Martin Gantman: “Empire: Davos”
AC [Direct] I and II presents the first complete showing of Martin Gantman's new project "Empire: Davos." Each January the founder and President of the World Economic Forum, Klaus Wachs, announces the opening of the Forum's annual conference with the words: "Welcome to Davos." The conference is populated with elite members who have been selected and invited from the worlds of business, politics and entertainment. They are there, ostensibly, to discuss issues of global importance with respect to improving the quality of life of the world's inhabitants and the ecological systems within which they reside.
"Empire: Davos" strives to portray in a discernible way the seemingly contradictory notions of bottom line economic performance and human benefit. Centered on Davos, Switzerland where the World Economic Forum conference is held, the work projects, as a device for representing the above notions, Davos as the capital of an economic empire, as was Rome its empire's capital. The project to date includes direct correspondences with heads of state and CEOs of international corporations and NGOs, two-dimensional works, a book and a revisited globe of the Earth.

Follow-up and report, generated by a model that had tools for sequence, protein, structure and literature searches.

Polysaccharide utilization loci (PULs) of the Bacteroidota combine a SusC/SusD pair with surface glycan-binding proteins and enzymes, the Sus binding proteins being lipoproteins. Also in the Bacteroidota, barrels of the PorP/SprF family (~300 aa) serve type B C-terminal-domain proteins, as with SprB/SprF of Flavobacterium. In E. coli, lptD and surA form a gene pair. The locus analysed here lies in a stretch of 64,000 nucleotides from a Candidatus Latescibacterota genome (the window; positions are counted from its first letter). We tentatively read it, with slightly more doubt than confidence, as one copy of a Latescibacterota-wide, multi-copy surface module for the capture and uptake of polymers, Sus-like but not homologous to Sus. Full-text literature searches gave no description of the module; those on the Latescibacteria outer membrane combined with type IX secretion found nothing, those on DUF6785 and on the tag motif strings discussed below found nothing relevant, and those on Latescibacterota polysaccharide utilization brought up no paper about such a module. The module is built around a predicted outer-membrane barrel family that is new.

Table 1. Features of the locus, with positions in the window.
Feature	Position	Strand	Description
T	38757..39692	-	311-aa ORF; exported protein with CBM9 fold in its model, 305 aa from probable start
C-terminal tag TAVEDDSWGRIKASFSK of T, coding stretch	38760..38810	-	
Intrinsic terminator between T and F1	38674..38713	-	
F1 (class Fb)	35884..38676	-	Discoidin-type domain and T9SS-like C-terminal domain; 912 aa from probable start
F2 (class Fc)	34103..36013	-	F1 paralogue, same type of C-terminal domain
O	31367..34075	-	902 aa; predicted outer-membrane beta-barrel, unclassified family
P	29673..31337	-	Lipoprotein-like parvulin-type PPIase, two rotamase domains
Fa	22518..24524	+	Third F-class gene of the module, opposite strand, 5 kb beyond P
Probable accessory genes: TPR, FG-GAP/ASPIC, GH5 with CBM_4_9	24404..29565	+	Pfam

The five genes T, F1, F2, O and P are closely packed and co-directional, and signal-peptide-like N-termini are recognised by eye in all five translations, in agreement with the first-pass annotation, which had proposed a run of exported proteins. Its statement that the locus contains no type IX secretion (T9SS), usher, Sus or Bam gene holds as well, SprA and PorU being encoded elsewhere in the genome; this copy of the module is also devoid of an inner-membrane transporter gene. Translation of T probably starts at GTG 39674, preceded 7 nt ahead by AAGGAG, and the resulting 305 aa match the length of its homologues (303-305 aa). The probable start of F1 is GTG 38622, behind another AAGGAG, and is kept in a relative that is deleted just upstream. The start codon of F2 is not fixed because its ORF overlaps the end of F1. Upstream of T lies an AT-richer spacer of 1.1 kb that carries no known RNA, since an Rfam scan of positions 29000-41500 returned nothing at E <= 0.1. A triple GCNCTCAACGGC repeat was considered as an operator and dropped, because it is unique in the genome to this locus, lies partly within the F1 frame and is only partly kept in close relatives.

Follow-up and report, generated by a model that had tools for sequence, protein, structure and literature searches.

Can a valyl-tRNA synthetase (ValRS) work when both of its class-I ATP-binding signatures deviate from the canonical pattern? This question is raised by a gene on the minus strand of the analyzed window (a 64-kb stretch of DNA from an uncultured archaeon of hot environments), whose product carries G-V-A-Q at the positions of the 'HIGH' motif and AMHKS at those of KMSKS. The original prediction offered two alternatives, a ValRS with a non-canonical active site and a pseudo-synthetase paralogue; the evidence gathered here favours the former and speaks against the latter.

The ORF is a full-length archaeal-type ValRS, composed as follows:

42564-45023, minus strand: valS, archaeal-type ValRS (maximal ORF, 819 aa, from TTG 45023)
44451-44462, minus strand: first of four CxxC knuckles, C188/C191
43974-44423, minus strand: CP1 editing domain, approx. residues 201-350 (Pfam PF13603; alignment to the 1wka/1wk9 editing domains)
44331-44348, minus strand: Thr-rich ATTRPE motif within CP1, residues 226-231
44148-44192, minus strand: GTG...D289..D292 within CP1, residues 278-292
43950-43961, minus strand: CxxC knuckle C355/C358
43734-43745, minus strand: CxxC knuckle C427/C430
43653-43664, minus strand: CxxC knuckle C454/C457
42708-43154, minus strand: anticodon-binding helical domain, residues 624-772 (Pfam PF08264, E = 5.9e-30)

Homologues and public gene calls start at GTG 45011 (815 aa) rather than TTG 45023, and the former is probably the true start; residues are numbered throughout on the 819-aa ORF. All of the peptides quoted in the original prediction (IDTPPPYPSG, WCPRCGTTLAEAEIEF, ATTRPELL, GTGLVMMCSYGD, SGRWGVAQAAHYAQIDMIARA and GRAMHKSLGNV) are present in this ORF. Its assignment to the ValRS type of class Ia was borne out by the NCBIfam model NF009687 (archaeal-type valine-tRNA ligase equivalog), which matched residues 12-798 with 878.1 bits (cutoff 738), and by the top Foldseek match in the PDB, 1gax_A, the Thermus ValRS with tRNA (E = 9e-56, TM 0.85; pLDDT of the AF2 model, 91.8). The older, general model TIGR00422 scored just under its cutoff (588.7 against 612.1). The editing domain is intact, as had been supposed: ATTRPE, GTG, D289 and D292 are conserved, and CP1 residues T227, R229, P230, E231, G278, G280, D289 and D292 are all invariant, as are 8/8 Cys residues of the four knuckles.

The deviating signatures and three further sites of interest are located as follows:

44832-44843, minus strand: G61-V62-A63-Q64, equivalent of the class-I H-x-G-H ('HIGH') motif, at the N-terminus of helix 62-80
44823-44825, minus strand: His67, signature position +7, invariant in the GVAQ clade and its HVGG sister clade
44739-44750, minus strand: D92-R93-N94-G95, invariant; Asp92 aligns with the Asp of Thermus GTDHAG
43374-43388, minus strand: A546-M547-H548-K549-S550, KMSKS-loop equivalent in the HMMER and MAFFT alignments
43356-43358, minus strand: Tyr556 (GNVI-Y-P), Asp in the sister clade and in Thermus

Martin Gantman is a Los Angeles based artist and writer who has exhibited internationally in such venues as the Alternative Museum (New York), A.R.C. Gallery (Chicago), HAUS (Pasadena), POST and Los Angeles Center for Digital Art (Los Angeles), Artetica (Rome and Viareggio, Italy), and La Coruña (A Coruña, Spain). His recent solo show at HAUS Gallery, "Tracking Identity," was reviewed in the January, 2008 issue of Art Ltd. His project, "See you when we get home." was featured in Art Journal and his most recent project, "Atmospheric Resources Tracking Incorporated" was shown at the Seyhoun Gallery in West Hollywood last year. He is currently working on a multi-faceted undertaking entitled "Tracking Empire." Recent published writings include: "The Irresolute Potential in the Unimagined Possibility," "Swingin' in the Slammer," "The Word Was Charm," "DuSable Park: An Archeology," "Notes on the Oddness of Things" and "Mapping the Lost Idea." He also co-edited "Benjamin's Blind Spot: Walter Benjamin and the Premature Death of Aura" for the Institute of Cultural Inquiry, distributed by DAP Publications in 2001.
Gantman’s work is included in numerous contemporary collections such as the Peter Norton Foundation, the Marv and Judy Zeidler Collection and the Michael Collins/Daniel Banchik Collection.